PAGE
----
Other unions may also have reason to do business with the White House. Consider the International Association of Machinists and Aerospace Workers, which also endorsed Mrs. Clinton. Some portion of the union, namely its freight railroad workers, is heavily dependent on coal, and union officials say members in that sector voted heavily for Mr. Trump because he refused to foreclose on its role in the national economy.
In response, progressives have groused that some blue-collar unions are willing to sell their souls for a few thousand jobs. They say that members who enthuse about the president’s ostensible victories for workers, like his efforts to block the manufacturer Carrier from sending jobs to Mexico from Indiana, are utterly blinkered.
“Trickle-down economics dressed in populist garb is still trickle-down economics,” wrote Robert B. Reich, labor secretary under President Bill Clinton.
All in all, it is precisely the backlash that must delight the current occupants of the West Wing. Still, some labor leaders insist that they will not be so easily divided.
“I would not be surprised if Steve Bannon and others would be overtly and covertly trying to divide the labor movement,” said Randi Weingarten, president of the American Federation of Teachers. But she predicted that the effort would ultimately collapse under its own contradictions.
The week after Mr. Trump met with the construction trades unions about infrastructure, his press secretary, Sean Spicer, told reporters that “the president believes in right to work,” which would allow workers to opt out of paying union dues or fees. A national right-to-work law would thrill congressional Republicans but provoke near-uniform opposition from labor.
So would a bill recently introduced by Senator Jeff Flake, Republican of Arizona, that would suspend the Davis-Bacon Act, which requires the government to pay construction contractors prevailing local wages, specifically on federal highway projects.
For that matter, Mr. Trump’s own coalition is hardly a model of cohesion.
His first nominee to be labor secretary, the fast-food executive Andrew Puzder, won plaudits in the corporate world with his anti-regulatory views. But he faced criticism on the right over his openness to immigration. Combined with relentless opposition from the labor movement, his nomination proved untenable. It remains to be seen how a new nominee, R. Alexander Acosta, will weather similar scrutiny.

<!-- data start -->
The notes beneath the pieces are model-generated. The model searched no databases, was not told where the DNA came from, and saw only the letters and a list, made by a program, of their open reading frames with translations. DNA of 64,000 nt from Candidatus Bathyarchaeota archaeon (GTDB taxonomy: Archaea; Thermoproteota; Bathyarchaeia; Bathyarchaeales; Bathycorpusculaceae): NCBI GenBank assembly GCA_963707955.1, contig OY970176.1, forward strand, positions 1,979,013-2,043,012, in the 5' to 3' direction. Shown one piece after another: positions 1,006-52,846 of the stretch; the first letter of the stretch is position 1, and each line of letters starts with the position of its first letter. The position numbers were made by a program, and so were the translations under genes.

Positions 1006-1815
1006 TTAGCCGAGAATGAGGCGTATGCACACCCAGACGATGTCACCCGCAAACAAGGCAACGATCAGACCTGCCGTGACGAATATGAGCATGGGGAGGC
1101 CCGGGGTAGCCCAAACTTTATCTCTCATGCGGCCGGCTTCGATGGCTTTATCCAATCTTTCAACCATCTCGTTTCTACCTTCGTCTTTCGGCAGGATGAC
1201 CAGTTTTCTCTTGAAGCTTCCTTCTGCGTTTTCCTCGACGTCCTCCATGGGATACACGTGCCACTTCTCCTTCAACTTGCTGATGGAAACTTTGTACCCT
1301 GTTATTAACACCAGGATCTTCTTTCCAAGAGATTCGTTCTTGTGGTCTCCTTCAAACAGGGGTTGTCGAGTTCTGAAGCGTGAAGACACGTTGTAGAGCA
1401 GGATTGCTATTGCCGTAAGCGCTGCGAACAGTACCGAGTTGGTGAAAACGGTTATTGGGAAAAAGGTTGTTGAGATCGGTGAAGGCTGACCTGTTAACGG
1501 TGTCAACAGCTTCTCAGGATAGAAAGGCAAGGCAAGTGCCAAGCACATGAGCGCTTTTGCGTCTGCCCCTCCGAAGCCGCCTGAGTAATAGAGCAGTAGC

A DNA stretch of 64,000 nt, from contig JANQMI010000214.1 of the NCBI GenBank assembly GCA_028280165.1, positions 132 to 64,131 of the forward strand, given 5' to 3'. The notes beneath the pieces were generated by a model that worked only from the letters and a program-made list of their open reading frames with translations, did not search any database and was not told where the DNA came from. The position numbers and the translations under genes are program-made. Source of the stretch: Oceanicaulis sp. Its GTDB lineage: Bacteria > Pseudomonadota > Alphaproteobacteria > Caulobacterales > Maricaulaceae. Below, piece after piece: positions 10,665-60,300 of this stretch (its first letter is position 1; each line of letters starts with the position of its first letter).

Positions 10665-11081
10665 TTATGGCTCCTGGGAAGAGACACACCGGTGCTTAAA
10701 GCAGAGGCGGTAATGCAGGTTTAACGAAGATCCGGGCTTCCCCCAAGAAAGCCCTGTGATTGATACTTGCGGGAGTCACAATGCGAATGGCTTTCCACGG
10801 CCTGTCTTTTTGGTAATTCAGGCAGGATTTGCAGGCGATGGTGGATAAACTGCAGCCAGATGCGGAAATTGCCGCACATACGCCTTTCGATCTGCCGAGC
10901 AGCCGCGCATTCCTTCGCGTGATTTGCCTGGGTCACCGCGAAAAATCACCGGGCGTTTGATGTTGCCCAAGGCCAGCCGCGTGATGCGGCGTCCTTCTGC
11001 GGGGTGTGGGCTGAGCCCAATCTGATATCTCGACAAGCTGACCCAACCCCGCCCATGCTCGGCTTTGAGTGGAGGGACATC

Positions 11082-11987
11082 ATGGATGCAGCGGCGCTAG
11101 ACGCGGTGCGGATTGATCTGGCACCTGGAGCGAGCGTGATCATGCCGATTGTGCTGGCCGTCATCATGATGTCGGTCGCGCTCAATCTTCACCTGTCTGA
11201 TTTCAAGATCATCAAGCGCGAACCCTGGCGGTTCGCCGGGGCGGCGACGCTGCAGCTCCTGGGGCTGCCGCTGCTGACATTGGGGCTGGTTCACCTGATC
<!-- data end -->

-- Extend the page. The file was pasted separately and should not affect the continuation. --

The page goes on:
Some unions that have opposed Mr. Trump are finding occasions to thread the needle — like the Communications Workers of America, the union involved in the Momentive strike and a onetime backer of Senator Bernie Sanders’s progressive presidential campaign. It repeatedly denounced Mr. Puzder’s nomination, but in a continuing dispute with AT&T Wireless, it has echoed Mr. Trump’s call not to ship jobs overseas.
Unions in the public and service sectors, on the other hand, lack economic interests that would provide common ground with the new administration, and their membership is increasingly urban, African-American and Hispanic — easily alienated by Mr. Trump’s pronouncements on race and immigration. The Service Employees International Union, a leading service-sector force, has taken a largely oppositional stand.
Many union leaders are at a loss to explain how Richard L. Trumka, the head of the A.F.L.-C.I.O., the nation’s pre-eminent labor federation, will navigate these crosscurrents in the coming months.
Mr. Trumka’s answer for the moment is to proceed gingerly. In an interview, he said that he had a productive meeting with Mr. Trump during the transition, and that the president deserved praise for killing the Trans-Pacific Partnership trade deal. But he has vigorously protested other policies, like Mr. Trump’s immigration restrictions.
“We’re going to call balls and strikes,” he said.